We've just put a full TRANSCRIPT on the ngin website of a PUBLIC MEETING on FARM-SCALE TRIALS of GENETICALLY MODIFIED CROPS held at BRISLEY VILLAGE HALL, NORFOLK in September at: http://members.tripod.com/~ngin/brisley.htm
It's a good read. The speakers were:
Luke Anderson, author and lecturer
Dr Jeremy Bartlett, background in plant genetics
Richard Powell, Novartis Seeds
Dr Mike May, Institute of Arable Crops Research
We previously excerpted some pointed exchanges between Drs May and Bartlett about science and spin. Below are some of Luke Anderson's very well-received contributions to the meeting.
Also to be found in the transcript is some interesting discussion of the winter use of glufosinate-ammonium (Liberty).
Many thanks to Karly Graham for the transcript.
L Anderson: I was just reflecting on that last comment - yes we do share a lot of our DNA with other plants, animals or whatever, but it’s only 2% of DNA which makes us different from a chimpanzee, so small amounts of DNA can be rather significant. I just want to put this into its perspective a bit. I was reading through the 1993 Coca Cola annual report, and I came across one paragraph and it said: "All of us in the Coca Cola family wake up each morning knowing that every single one of the world’s 5.6 billion people will get thirsty that day. If we make it impossible for these 5.6 billion people to escape Coca Cola then we assure our future success for years to come. Doing anything else is not an option". Well, it may not have escaped your attention that the biotech industry share the same philosophy. Almost overnight in 1996 when the first shipments of soy arrived from the United States, more than 60% of all our processed food contained one or more genetically engineered ingredients. It was presented to us as a fait accompli - it’s here, it’s arrived, it’s going to be here to stay and you can do nothing about it. No public consultation whatsoever. In fact, in the United States the biotechnology industry organisation said they hoped that within 5-10 years some 90-95% of all plant-derived food will be genetically engineered.
We heard in May this year that Advanta Seeds had - there’d been a contamination of their supposedly non-genetically engineered oilseed rape crop and that last year and this year it had been planted on thousands of hectares across Europe and in the United Kingdom. And not only that, but contrast to the 50 metre barrier distances which our government requires around these farmscale trials, they were actually growing this non-genetically engineered seed 4000 metres, according to their records, 4000 metres away from the nearest genetically engineered crop, and still there were quite high levels of contamination. So it just shows how readily the cross pollination, the gene transfer can occur. And these so-called mistakes have been occurring not just in Europe and in the United Kingdom but all around the world - countries such as Thailand and Australia, in Canada and the United States etc.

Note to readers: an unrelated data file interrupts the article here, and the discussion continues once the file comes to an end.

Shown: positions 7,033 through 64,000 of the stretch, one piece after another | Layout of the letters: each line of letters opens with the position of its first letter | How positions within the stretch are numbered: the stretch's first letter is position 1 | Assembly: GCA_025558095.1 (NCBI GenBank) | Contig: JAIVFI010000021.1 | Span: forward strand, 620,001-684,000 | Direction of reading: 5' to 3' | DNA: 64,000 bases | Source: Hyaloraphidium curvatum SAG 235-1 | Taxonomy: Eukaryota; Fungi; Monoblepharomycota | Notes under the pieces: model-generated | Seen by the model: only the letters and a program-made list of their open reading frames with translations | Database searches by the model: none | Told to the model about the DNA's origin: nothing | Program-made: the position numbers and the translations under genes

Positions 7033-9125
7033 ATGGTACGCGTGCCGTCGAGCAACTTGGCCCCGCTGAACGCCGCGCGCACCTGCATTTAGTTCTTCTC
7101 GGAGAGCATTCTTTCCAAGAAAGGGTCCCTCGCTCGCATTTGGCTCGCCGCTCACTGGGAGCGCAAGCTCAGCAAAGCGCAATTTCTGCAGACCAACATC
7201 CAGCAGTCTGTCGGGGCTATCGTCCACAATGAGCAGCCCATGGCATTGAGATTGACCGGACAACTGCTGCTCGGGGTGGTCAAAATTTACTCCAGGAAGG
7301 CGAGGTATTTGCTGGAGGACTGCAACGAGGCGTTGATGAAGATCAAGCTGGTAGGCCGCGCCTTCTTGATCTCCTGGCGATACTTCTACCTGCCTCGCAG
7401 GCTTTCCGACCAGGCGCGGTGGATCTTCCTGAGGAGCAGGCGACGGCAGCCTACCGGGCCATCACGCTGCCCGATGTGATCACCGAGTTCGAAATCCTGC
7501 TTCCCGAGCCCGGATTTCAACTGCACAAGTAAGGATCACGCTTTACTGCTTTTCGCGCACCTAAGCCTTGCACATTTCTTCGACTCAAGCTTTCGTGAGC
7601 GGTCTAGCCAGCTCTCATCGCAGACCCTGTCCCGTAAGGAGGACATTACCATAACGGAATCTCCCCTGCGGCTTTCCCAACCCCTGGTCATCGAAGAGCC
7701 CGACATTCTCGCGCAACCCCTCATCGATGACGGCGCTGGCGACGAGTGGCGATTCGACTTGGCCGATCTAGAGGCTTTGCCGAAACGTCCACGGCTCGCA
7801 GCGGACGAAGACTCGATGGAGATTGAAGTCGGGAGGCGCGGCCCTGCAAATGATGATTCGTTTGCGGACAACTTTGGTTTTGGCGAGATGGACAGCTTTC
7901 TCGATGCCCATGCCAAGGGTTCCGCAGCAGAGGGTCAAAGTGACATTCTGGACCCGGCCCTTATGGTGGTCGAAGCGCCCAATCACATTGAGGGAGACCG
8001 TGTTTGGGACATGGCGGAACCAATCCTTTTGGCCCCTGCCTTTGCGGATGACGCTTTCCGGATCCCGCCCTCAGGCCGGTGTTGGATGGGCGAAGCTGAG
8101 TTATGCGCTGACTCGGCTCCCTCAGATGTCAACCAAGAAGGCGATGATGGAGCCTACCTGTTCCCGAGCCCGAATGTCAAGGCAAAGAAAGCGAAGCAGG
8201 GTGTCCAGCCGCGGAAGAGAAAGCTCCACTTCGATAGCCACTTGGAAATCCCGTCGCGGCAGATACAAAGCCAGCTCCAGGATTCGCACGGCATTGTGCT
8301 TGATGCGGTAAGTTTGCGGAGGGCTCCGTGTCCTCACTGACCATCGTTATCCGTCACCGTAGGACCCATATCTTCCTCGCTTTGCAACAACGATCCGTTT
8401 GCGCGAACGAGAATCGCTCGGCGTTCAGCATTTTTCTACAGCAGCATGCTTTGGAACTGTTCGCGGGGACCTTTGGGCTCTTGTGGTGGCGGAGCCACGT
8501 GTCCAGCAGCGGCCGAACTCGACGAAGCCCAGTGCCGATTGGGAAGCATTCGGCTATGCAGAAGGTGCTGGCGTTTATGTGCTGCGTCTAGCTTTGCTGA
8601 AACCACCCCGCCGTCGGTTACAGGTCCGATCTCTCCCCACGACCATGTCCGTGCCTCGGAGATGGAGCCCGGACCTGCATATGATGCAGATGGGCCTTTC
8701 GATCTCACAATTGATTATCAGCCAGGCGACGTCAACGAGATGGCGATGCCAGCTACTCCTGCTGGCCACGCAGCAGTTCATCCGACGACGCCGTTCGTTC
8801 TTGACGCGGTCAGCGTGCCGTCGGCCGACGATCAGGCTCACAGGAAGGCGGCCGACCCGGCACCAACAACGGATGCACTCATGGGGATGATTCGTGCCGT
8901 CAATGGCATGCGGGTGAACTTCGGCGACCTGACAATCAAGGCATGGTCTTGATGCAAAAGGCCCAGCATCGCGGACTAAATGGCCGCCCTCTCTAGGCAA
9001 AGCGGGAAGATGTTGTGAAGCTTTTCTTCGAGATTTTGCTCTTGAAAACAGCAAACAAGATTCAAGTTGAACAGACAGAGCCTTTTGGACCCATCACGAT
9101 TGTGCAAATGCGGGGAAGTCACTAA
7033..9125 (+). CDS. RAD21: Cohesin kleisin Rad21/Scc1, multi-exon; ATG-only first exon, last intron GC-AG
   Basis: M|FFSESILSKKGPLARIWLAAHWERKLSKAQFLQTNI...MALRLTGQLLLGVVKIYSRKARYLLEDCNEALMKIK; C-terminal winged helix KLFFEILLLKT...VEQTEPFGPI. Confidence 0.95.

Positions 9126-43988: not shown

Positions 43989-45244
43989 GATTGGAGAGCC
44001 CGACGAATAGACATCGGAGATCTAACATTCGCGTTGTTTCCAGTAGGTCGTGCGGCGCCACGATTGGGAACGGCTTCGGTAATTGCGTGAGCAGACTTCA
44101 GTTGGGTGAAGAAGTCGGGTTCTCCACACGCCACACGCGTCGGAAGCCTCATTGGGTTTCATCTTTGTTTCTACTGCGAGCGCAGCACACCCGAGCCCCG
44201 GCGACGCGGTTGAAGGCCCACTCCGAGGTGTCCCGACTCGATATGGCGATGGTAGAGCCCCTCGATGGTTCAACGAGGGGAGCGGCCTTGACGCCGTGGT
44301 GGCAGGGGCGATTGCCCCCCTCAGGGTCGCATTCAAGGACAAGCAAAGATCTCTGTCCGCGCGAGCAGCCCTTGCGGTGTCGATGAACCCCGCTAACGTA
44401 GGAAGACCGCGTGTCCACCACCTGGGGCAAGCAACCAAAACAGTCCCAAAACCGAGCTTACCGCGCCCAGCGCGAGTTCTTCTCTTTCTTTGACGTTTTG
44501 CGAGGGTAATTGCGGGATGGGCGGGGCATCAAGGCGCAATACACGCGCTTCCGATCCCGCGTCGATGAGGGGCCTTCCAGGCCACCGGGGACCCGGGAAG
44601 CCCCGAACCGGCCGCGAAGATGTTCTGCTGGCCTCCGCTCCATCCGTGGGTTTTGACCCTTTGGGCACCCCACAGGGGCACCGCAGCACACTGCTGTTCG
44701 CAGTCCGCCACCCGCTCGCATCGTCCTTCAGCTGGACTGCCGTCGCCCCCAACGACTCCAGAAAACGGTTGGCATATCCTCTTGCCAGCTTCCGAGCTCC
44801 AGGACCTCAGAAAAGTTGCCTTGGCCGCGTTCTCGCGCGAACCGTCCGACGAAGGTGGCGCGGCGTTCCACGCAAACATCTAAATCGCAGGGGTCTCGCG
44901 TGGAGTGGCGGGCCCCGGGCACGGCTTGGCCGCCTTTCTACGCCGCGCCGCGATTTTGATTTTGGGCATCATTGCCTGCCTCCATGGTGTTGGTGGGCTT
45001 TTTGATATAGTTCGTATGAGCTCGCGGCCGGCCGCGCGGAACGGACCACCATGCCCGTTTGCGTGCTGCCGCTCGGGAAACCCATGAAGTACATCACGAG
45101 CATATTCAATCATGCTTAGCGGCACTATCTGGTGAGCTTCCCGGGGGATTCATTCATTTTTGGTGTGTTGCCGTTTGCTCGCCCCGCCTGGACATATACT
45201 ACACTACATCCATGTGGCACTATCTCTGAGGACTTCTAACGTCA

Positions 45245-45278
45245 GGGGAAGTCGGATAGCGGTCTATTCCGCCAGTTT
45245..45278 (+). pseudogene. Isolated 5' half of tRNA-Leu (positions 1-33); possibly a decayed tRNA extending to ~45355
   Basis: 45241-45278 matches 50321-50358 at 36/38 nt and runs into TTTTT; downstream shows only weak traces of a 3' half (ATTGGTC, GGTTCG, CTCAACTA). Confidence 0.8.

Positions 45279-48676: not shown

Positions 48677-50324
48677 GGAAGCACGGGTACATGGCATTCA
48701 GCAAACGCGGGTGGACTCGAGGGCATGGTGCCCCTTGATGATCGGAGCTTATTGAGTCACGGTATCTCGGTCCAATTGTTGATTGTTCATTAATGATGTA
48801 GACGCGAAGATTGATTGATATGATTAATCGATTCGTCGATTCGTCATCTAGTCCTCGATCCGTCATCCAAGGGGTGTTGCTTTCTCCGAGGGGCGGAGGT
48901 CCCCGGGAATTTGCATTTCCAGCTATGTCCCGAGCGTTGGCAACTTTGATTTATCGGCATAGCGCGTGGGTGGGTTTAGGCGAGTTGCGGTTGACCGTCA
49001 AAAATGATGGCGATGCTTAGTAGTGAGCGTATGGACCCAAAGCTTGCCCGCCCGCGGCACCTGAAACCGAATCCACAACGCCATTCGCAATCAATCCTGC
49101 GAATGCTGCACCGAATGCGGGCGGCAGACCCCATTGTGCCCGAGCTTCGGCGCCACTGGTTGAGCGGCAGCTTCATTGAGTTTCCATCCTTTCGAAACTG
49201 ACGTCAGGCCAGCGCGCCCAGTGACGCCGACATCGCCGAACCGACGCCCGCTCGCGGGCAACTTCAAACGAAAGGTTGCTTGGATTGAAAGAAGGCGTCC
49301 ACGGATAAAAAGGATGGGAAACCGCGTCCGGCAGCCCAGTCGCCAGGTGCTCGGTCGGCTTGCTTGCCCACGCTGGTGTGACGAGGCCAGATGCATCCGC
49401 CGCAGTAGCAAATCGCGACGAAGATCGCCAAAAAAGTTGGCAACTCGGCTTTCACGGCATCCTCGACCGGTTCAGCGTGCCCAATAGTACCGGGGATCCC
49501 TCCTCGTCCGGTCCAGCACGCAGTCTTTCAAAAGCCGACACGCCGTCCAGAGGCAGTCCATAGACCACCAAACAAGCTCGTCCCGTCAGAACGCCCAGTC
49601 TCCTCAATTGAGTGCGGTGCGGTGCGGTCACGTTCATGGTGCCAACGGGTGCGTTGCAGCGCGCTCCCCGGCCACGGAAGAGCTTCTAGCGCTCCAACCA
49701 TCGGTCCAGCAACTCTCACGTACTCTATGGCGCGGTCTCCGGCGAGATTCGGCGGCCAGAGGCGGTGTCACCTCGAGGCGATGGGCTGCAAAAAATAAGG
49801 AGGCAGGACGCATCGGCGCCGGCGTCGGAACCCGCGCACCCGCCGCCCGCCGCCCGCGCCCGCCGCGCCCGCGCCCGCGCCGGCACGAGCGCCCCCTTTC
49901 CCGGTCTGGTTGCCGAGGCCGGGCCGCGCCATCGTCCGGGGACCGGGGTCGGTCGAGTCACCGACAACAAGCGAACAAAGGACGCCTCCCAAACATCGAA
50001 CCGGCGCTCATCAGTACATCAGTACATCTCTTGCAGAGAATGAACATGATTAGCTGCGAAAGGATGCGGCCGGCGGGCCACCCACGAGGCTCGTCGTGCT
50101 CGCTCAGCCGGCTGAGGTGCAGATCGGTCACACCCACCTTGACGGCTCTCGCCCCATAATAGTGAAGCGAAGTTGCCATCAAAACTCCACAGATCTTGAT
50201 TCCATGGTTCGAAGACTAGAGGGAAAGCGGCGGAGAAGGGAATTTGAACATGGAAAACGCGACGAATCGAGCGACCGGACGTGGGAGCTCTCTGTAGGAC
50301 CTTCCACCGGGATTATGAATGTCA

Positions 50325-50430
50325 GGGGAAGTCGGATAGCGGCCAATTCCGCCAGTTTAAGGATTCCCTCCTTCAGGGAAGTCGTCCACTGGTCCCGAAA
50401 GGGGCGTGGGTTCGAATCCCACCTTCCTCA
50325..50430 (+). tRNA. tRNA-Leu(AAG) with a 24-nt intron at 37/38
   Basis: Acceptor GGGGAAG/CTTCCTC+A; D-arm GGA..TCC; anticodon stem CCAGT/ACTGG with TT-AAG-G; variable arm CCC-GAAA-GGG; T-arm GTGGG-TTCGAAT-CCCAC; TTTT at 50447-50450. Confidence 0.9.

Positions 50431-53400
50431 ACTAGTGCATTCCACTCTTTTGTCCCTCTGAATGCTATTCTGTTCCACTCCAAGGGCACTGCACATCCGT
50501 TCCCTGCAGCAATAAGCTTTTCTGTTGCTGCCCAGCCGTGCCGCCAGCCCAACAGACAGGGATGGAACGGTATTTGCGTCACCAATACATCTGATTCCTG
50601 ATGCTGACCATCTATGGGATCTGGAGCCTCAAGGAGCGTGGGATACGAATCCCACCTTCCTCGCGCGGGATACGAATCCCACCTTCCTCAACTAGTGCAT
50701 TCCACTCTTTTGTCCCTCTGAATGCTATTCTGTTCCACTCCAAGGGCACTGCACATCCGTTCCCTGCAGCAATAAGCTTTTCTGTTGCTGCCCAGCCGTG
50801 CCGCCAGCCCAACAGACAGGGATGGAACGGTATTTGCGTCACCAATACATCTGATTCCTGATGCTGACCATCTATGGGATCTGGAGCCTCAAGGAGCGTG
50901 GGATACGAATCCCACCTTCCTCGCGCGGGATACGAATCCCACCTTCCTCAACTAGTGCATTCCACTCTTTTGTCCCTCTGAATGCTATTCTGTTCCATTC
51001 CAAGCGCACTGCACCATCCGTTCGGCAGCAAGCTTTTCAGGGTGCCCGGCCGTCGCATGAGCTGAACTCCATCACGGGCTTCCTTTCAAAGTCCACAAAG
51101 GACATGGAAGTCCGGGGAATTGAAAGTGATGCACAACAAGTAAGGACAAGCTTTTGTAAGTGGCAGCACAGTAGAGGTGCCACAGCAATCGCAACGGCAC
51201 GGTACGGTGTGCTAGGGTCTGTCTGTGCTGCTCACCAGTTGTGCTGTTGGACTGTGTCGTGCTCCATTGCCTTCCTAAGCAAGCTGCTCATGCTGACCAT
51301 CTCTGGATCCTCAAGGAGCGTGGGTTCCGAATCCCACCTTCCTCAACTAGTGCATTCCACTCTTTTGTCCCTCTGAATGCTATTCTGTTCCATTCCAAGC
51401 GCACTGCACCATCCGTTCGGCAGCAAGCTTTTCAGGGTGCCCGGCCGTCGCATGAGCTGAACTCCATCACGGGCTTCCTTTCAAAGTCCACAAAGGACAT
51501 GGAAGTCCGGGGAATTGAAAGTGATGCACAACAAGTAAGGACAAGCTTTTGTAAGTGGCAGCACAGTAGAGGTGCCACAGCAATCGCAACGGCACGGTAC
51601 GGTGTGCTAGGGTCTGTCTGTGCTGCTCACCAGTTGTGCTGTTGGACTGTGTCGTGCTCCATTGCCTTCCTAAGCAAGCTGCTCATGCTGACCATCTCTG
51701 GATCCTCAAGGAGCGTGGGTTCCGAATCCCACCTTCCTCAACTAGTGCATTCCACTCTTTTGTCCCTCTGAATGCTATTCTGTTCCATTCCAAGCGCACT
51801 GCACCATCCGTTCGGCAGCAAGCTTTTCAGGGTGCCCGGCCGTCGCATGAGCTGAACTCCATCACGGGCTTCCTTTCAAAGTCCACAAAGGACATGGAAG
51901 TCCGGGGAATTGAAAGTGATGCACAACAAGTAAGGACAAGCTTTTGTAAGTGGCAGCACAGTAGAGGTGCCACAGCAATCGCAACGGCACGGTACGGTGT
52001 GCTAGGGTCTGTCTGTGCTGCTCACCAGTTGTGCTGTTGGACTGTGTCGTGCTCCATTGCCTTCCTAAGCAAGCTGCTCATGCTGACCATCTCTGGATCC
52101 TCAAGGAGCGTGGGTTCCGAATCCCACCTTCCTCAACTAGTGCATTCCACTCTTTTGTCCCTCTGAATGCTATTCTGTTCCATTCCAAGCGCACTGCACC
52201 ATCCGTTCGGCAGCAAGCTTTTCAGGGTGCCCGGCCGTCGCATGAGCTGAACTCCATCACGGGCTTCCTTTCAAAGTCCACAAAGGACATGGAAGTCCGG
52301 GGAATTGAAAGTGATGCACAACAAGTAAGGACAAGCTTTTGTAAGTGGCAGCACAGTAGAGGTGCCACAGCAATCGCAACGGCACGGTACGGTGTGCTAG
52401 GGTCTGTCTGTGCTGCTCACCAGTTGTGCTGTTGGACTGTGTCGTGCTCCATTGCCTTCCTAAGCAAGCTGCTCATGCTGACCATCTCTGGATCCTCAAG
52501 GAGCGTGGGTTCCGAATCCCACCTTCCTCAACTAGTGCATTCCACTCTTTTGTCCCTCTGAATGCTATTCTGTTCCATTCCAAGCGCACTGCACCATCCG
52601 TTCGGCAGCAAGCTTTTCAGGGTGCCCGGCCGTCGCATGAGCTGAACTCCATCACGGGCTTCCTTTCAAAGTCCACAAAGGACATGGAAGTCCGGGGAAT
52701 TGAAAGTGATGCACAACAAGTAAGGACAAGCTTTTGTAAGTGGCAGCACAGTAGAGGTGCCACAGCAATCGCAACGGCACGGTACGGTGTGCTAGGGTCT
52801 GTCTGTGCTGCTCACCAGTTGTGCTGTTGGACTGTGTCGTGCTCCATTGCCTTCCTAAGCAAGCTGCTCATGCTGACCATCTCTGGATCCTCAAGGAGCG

So here we are. We’re being told first of all - by the way, cross-pollination, it doesn’t really happen you know, the seed industry established these barrier distances, they’ve known for years and years; they’ve got it down to a T; it’s incredibly pure, there’s almost nothing can happen - and then the government’s own tests show that actually a great deal of pollination can happen at these distances. I mean, just down the road from where I live, the government had the wisdom to plant a test site of genetically engineered maize right next-door to the country’s largest organic vegetable farm, growing organic sweetcorn, and he was told that if there was any evidence of cross-pollination that he would lose his organic status.
And so we asked the Government to stop this planting from going ahead, and they consulted with the Advisory Committee on Releases into the Environment, and ACRE said that they thought that at 275 metres the likelihood of cross-pollination was probably about one in thirty thousand kernels of the organic sweetcorn might have been cross-pollinated. Well, we thought that this was an extraordinary figure for them to have come up with. In fact, according to their Minutes, many of their members thought that this estimate was too high. And so we asked Jean Emberlin from the National Pollen Research Institute at the University of Worcester to just trawl the scientific databases, you know, something that was readily accessible and that the Advisory Committee could easily have done and see what she thought the estimates would’ve been. And she said that in a moderate to high wind speed, she thought it was more in the order of one in ninety three kernels (as compared to one in thirty thousand). So little wonder that people have not a great deal of faith in the supposedly independent Advisory Committee.
We hear that genetically engineered food is exactly the same as any other. And in fact this is the basis for international risk assessment of genetically engineered food. It was announced in the United States by the then Vice President Dan Quayle as quote "regulatory relief for the industry". The US Congress was anxious that over-regulation would suffocate the young industry so they decided that unless a genetically engineered food were nutritionally different in a very major way, unless it contained genes from things like peanuts, which are already known to cause allergic reactions, there would actually be no need for safety testing. The theory was - genetically engineered food is ‘substantially equivalent’ to non-genetically engineered food - therefore it’s safe, therefore it doesn’t need to be safety tested.
Well one of the interesting things about this is that when it comes to safety testing, the biotech industry is very quick to say it’s exactly the same, it’s no different from its conventional counterpart. And yet when it comes to the field of intellectual property rights however, they say ‘Well actually it’s unique, it’s different, it’s never existed before - therefore we deserve the right to patent it as a new invention’. And so thousands of years of plant breeding by countless generations of farmers have been hijacked in a very short period of time by the biotech industry, because with these patents they can demand exclusive monopoly rights to these genetically engineered crops.